Guest Editorial: Unexpected blessings
by Paul Moody
“Trust in the Lord with all your heart and lean not unto your own understanding; in all your ways acknowledge Him, and He will direct your path.” Proverbs 3: 5-6
Have you ever sat in a church pew and listened to an appeal from your pastor or some other church leader asking for help with some aspect of church life? Have you said to yourself, “I see the need, but I have no training in that ministry.”
The time was 1995 or 1996, and our church was getting ready to start a new outreach program called “Upward Basketball.” Our education director at the time was standing at the podium, asking for men and women to coach a basketball team. He held up a basketball, while making the appeal, and said, “If you can identify this as a basketball, you qualify.”
He said he needed about 30 coaches because he anticipated around 300 to 350 boys and girls would sign up. There was such urgency in the appeal that I decided to become a coach. I had never coached basketball before, but I like kids, and I like the game of basketball.
I spent the next 10 years coaching first and second grade boys, “upward basketball” at my church. I loved it, my boys loved it, and the parents loved it. On game day, the gym was filled with cheering, happy boys and girls.
When the lower grades were playing, we had two games going at the same time because we were able to have two games running cross court, instead of the full length of the court when the older boys played.
Can you imagine four teams on the court, with approximately 10 players on each team, with mothers, fathers, brothers and sisters and grandparents cheering them on? I think nostalgically of those 10 years with the fondest of memories. My kids called me “Coach Paul,” and my pastor still calls me “Coach Paul.”
What if I had turned that opportunity down because I had never coached before? All those wonderful memories I now have would be nonexistent. I saw one of the fathers whose son I coached recently, who told me Cory still remembers those great days. I told him I still remember Cory with his unorthodox style of shooting the basket, both arms overhead.
He rarely missed making the basket.
Some of the features of “upward basketball” as opposed to regular basketball were the fact that we had a devotional time during half time on practice day and game day. Another feature was that every player got to play the same number of minutes as any other player, regardless of talent.
Yes, some of life’s blessings come from the most unexpected places. Many of us pass up opportunities every day simply because we have never tried the activity, ministry or business venture.
There is a local pastor who regularly asks his church members a simple question: “When’s the last time you did something for the first time?” His question speaks to the fact that life is an adventure, and we need, on occasion, to launch into untried waters. Life tends to be more fun when it is challenging.
I spent the first 25 years of my business career working for just two corporations as a retail store manager. I had been with the second company for about 10 years when they became bankrupt. After much prayer and counseling with my wife, I decided to try an entirely new field of work.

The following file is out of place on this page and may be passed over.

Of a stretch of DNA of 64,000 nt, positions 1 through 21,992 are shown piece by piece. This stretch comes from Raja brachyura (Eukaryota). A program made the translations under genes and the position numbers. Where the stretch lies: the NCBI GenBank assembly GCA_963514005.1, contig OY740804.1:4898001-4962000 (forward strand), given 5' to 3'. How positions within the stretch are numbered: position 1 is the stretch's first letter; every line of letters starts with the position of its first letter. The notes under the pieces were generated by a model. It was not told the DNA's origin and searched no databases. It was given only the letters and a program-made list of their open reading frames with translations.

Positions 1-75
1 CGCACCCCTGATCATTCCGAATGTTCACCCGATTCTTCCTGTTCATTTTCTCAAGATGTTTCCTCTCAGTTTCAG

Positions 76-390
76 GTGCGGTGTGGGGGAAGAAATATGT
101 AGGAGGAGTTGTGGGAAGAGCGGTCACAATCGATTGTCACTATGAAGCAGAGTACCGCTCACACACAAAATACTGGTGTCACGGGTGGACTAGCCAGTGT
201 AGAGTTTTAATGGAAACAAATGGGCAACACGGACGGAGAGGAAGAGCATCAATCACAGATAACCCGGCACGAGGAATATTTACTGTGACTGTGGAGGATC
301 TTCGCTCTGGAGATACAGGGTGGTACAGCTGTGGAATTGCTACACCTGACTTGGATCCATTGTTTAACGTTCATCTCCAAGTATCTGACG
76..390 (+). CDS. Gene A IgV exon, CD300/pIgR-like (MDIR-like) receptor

At age 50, I went to work for a nationally known, multi-line insurance company. The income was 100 percent commission, which meant that if sales were bad, my income was bad. I needed a steady income to pay our bills. I found out, after a few months into my new adventure, that only four out of 100 who begin a career in life insurance sales survive after four years.
I received some excellent training. My faith in God, my work ethic and the great training I received not only let me survive but also thrive in this very competitive field of endeavor. What if I had said, “ I don’t think I can sell insurance, I’ve never done that before.” Well, I would have missed meeting and developing as clients, hundreds of people who became my friends over the course of my nearly 14 years as a registered insurance agent.
Upon retirement, I made sure that my book of clients was turned over to an agent that would take care of them. From time to time, the new agent who took over the service of my clients, would tell me how they were doing and pass on to me their kindest thoughts of me as their previous agent.
In summary, the Lord needs all of us to be involved in the life of our church with the many places of service available.
Some of us may have physical limitations on what we can do. One of the ministries that our church has is the prayer ministry. My wife and I have been involved in our church’s prayer ministry since its inception approximately 15 years ago. Members sign up for the hour they will set aside each week to pray for those who have made their needs known. The prayer room is set aside for the purpose of prayer.
The Lord also wants us to be sure to apply the scriptural truth of Proverbs 3: 5-6 to every activity, church ministry or business venture we undertake. “Trust in the Lord with all your heart and lean not unto your own understanding; in all your ways acknowledge Him, and He will direct your path.”
Paul Moody is a member of Oklahoma City, Southern Hills and a regular contributor to the Baptist Messenger. He also is a member of the Capital Association’s Ethics & Religious Liberty Committee.